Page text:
Of the many lies George W. Bush told us about the wars in Iraq and Afghanistan, some were larger but none worse than that told about the death of Pat Tillman.
In 2004 – just after Bush’s invasion of Iraq, ostensibly in search of those non-existent weapons of mass destruction — Tillman became a military-and media-manufactured symbol of duty, sacrifice, patriotism and heroism. But the truth about Tillman’s life is much more complex, and his death ultimately far more heroic, than the convenient, self-serving lie served up by the military and then sent out by our ever-gullible media.
Tillman, a truly remarkable young man who walked away from a multi-million dollar contract as a professional football player to enlist as in the Army Rangers after the 9/11 attacks, is the subject of The Tillman Story, a moving documentary directed by Amir Bar-Lev that opens in theatres in New York and Los Angeles this week. Although the film rightly tells the story of Pat Tillman’s remarkable life, it also focuses on a parallel “Tillman story,” that of the struggle his family went through to learn the truth about Tillman’s death from “friendly fire” and the ongoing cover-up of how and why our military and political leaders lied in order to exploit his heroism for propaganda purposes.
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Tillman was on his second tour of duty when he was killed in Afghanistan — a victim of “fratricide,” inadvertently killed by his own troops during an ill-fated expedition. Our leaders should have told the truth — namely, that Corporal Tillman’s death was a senseless accident coupled with incompetence. Instead they lied — to all of us, but most despicably to his family – rewrote the details of his death, awarding Tillman a posthumous Silver Star, America’s third-highest military decoration, and turned the tragedy into an opportunity to promote their endless and unpopular wars.
Why did they lie? No doubt it began because at the time of Tillman’s death, in April 2004, the Bush war machine was roiled by a number of negative images that threatened to adversely affect public perception of the war in Iraq. Remember those haunting photographs and videos of the bodies of American contractors strung up in Fallujah? Can you ever forget the searing images depicting abuse by U.S. soldiers working as guards in the Abu Ghraib prison? Adding the news that American soldiers had gunned down a celebrated NFL star certainly wouldn’t help the war effort… So Pat Tillman was recast, in death, as a war hero and lesson to us all.
The Tillman Story excels in teaching us other lessons, however — not only about Corporal Pat Tillman, but also about his remarkable family, led by his indefatigable mother Dannie. It shows the arduous journey his family undertook to find the truth about what happened and to have someone held accountable not only for their son’s death but also for the added insult of its use as a propaganda tool. Handed a massive, confusing box of intelligence records — thousands of pages of documents about her son’s death – Dannie Tillman patiently dug through the voluminous material to uncover the roots of a carefully coordinated cover-up. Her efforts, along with that of Tillman’s father and other family members and friends, eventually forced a Congressional hearing into the matter. As the film dramatically demonstrates in its stunning climax, however, the ultimate fix was in… and although the many obvious lies and cover-ups can be tracked up to and even well beyond such military brass as the recently fired general Stanley McChrystal, in the end no one among the higher-ups was ever found blameworthy or even responsible for lying to the Tillman family and the nation.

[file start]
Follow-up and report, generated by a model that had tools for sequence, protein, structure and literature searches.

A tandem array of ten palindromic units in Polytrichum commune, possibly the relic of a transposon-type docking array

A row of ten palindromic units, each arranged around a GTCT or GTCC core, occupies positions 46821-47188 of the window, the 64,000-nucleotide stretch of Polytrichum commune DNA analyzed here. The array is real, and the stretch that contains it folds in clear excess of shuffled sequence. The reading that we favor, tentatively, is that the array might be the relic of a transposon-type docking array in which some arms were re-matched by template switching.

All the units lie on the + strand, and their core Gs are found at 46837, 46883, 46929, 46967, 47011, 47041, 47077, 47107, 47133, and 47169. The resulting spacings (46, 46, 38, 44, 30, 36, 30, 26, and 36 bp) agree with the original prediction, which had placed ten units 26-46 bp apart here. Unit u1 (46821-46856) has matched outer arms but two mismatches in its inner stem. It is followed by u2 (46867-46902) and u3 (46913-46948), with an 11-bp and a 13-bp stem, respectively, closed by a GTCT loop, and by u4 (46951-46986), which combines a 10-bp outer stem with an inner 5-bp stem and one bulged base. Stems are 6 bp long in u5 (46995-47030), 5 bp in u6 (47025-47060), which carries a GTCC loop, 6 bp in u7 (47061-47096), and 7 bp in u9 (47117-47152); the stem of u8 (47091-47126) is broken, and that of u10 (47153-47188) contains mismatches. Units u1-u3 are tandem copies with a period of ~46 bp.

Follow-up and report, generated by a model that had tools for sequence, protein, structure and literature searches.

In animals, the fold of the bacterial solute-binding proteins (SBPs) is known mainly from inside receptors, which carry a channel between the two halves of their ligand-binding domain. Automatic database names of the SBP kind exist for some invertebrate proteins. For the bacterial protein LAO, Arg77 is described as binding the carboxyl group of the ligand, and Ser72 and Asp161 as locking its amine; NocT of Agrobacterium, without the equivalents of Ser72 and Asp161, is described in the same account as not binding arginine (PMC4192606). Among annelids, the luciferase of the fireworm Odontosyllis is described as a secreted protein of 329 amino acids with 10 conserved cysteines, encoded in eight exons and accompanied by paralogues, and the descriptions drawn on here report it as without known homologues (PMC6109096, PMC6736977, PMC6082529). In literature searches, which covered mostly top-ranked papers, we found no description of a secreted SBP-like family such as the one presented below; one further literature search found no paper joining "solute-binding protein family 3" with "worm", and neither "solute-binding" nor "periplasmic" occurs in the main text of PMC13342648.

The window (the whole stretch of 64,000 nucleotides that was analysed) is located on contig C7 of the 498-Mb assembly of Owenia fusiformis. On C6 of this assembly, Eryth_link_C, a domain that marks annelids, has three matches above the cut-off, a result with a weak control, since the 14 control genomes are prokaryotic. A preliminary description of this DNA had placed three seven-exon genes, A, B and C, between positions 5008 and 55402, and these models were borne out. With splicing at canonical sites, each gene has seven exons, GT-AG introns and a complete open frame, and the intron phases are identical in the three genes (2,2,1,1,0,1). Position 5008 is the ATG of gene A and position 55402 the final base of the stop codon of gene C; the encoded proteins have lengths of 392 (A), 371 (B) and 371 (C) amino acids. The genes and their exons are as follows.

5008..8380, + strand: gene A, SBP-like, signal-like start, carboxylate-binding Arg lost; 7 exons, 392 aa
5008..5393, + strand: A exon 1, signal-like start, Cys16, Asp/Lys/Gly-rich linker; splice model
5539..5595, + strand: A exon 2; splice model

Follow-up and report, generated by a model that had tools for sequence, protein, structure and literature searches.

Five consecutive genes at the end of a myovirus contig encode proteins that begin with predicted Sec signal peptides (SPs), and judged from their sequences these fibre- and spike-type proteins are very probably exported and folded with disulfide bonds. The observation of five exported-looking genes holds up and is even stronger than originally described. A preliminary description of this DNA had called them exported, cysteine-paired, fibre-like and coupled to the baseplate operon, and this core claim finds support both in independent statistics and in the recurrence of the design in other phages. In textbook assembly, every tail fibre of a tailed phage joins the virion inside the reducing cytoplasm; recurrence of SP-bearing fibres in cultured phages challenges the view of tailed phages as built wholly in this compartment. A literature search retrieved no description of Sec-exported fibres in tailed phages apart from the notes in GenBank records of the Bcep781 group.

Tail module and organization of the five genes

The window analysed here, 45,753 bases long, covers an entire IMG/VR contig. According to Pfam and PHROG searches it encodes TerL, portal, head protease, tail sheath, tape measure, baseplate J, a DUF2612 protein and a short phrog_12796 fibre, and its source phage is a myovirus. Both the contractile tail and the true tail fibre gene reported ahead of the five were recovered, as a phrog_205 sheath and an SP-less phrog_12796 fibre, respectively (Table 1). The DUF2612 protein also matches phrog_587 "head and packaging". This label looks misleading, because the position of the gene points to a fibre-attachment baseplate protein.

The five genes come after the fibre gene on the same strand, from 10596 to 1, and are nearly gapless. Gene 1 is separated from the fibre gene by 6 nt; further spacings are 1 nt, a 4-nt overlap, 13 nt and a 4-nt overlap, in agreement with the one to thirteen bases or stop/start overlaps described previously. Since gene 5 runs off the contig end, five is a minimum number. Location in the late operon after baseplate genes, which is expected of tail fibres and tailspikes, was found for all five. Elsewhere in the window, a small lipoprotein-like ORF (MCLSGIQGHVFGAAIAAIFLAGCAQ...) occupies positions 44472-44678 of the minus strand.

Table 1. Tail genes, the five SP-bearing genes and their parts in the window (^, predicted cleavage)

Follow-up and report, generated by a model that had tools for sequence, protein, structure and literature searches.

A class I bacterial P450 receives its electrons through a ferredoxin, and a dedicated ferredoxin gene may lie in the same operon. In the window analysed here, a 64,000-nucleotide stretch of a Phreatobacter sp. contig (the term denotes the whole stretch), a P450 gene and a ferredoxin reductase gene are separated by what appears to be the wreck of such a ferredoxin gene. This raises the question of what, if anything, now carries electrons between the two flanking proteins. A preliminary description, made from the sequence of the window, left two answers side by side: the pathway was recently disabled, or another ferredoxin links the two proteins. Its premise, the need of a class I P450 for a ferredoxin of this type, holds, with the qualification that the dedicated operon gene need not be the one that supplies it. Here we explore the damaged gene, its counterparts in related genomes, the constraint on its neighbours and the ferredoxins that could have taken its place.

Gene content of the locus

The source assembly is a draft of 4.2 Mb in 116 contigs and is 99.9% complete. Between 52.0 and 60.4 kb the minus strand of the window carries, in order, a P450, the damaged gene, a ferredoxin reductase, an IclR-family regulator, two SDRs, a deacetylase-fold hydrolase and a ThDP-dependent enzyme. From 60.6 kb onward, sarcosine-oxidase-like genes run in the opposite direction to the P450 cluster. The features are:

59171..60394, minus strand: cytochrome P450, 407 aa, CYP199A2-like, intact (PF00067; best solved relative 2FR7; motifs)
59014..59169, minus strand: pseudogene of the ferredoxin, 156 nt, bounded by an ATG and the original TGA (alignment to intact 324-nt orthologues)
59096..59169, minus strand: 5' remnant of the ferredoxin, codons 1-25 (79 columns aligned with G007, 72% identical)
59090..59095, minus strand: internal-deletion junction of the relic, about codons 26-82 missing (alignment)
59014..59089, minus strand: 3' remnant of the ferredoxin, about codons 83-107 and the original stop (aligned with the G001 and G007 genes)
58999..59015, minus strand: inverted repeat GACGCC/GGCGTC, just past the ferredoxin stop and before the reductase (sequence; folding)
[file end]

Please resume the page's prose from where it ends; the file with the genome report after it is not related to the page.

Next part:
In lieu of presenting a hagiography, Director Bar-Lev does an excellent job of humanizing Tillman and offering a multi-dimensional look at his actual character. Scenes with Tillman’s family as they lovingly describe his character and his close, funny and frequently profane relationship with two brothers (the film is unfortunately and unfairly burdened with an “R” rating as a result) along with testimony from family friends and fellow soldiers paint a clear portrait of who Tillman really was — warts and all. As Bar-Lev points out, Pat Tillman was no “paragon of moral certitude; he was curious and tried to see things from every possible point of view.” That impulse is what the director attempts to give back to his subject, after he had been dehumanized and exploited for political gain by America’s leaders, aided and abetted as usual by the complicit cheerleaders of the national news media.
“I hope the story of Tillman tells us that heroism and humanity are not contradictory and heroism is complex,” Bar-Lev told Documentary magazine. “‘Hero’ is a problematic word that says a lot more about the people using it than the person they’re speaking about….
“I knew there were myths around his death,” Bar-Lev added, “but what began to intrigue me was when we found out there were equally as many myths about his life.”
“Ultimately, what I would want to have happen is just the truth,” Pat’s youngest brother Richard told ESPN.com. “At the end of the day, Pat deserves the truth. This isn’t about our family. This isn’t about the Tillmans. This is about Pat Tillman. And he deserves the truth, period. He sacrificed so much for his country, and then the government turns around and uses him for propaganda. That is totally unacceptable.”
I urge you to go see The Tillman Story, an insightful, powerful and truthful film that not only calls to task the entire chain of command but also questions our very notion of heroism itself — another topic in need of of some determined truth-telling!